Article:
In Round-9 of World Chess Championship in New York on Wednesday, current champion Magnus Carlsen and his Russian challenger Sergey Karjakin played for more than 5½ hours and settled for an extremely tense draw. Now just three more games are left and Karjakin leads Magnus Carlsen 5-4. But Carlsen survived a dangerous middle-game and narrowly missed his second consecutive defeat. In a very complicated struggle, Karjakin waylaid Carlsen by sacrificing his bishop in the 39th move. This made the play very difficult for Carlsen, who somehow stayed in the match and managed a draw. The situation would have become nearly hopeless for Carlsen if he had lost. The gap of 2 points against the steady Russian could easily have been a monumental disaster for the Norwegian world no.1.
Sergey Karjakin began Round-9 with White pieces and had a natural advantage. His first move was 1.e4 and Carlsen responded with 1…e5. The two of them continued from here until Carlsen adopted the classical Ruy Lopez to maximize his chances to fight for a win with Black. The champion played 6… Bc5. After this they followed the known paths over several moves, without springing any surprises upon one another. Then Carlsen sacrificed a pawn in order to create an unbalanced position. Carlsen probably thought he could break up the pawn cover surrounding Karjakin’s king. However, the Russian had sensed this and covered himself well. For long, the chances on either side looked almost equal. Afterwards, Karjakin managed to improve the placement of his pieces and gradually increased the pressure on Carlsen. Now the Russian had a superior structure but the position of pieces on board looked too complex. With loss of precious time by both players, they made some errors as well, but not big enough to lend decisive advantage to the other side. On move 39, Karjakin played the sharp 39. Bf7 and looked like having derived a big edge. Carlsen took the bishop but seemed in trouble. Many viewers felt that Karjakin had edged ahead of Carlsen and he could win. However, many others including US Grandmaster Fabiano Caruana felt that if Karjakin had instead played 39 Qb3, his winning chances could have been far more significant. The champion had to make many critical decisions in the middle-game including placement of his king to the queenside or leave it on the kingside. After Karjakin obtained some advantage by sacrificing his bishop, Carlsen was able to dodge the worst and survived in the end.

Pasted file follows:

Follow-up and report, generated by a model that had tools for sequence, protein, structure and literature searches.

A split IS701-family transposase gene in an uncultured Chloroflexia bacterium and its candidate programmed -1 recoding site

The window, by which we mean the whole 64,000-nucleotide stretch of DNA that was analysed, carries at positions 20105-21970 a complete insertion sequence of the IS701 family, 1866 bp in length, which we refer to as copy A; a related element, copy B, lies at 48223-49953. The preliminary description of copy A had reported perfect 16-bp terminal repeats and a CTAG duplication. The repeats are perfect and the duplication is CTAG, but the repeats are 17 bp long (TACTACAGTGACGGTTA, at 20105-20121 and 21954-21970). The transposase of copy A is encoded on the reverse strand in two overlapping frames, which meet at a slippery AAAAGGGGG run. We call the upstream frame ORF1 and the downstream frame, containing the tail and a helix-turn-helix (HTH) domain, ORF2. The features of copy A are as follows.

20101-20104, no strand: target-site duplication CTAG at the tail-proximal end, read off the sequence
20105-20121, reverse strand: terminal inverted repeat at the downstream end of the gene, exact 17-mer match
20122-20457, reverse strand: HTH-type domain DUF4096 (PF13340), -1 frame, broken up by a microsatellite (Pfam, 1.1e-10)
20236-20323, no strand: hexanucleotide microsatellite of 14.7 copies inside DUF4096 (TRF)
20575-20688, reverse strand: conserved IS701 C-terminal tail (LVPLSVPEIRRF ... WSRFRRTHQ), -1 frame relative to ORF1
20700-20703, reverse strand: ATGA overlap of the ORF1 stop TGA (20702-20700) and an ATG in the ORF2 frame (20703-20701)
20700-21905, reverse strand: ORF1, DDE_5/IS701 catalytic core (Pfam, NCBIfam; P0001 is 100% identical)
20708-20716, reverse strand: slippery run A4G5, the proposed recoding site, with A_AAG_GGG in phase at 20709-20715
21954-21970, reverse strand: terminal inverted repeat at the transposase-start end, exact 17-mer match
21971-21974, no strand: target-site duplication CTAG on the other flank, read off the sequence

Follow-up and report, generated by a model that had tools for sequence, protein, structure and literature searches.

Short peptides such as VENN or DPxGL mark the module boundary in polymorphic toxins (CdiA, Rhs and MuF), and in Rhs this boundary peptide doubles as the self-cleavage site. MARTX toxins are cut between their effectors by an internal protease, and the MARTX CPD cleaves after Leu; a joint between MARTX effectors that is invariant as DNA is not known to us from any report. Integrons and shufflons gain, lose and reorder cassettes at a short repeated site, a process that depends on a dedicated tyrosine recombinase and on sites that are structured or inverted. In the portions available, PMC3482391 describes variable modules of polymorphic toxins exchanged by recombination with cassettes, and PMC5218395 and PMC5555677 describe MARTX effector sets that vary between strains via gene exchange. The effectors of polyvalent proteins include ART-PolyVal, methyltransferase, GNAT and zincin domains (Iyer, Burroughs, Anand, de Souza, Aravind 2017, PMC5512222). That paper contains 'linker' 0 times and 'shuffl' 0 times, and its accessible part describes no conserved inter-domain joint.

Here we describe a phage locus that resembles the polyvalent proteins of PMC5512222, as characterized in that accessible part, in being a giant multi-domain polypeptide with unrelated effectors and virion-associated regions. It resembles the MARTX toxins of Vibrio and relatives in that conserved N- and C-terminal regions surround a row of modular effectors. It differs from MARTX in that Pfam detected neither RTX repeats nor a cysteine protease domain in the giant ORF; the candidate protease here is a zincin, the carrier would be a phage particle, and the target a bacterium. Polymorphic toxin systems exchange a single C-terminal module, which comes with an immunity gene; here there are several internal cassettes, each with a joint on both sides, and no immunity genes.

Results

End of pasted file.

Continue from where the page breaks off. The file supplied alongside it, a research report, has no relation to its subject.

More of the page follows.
Karjakin kept trying to force his way but could not make any headway for the win. To his credit, Carlsen brought himself out of hot waters. The game finally ended on the 74th move with the two players signing a draw. Avoiding defeat was the best course for Carlsen since another victory for Karjakin could have taken the championship in a decisive mode. With someone like Carlsen, it is still a wide open contest because the Norwegian has the ability to turn things around. On November 24, the players go for round-10 and Carlsen will have White pieces. However, the Russian is not likely to throw caution to the winds after a one-point lead with three rounds remaining.
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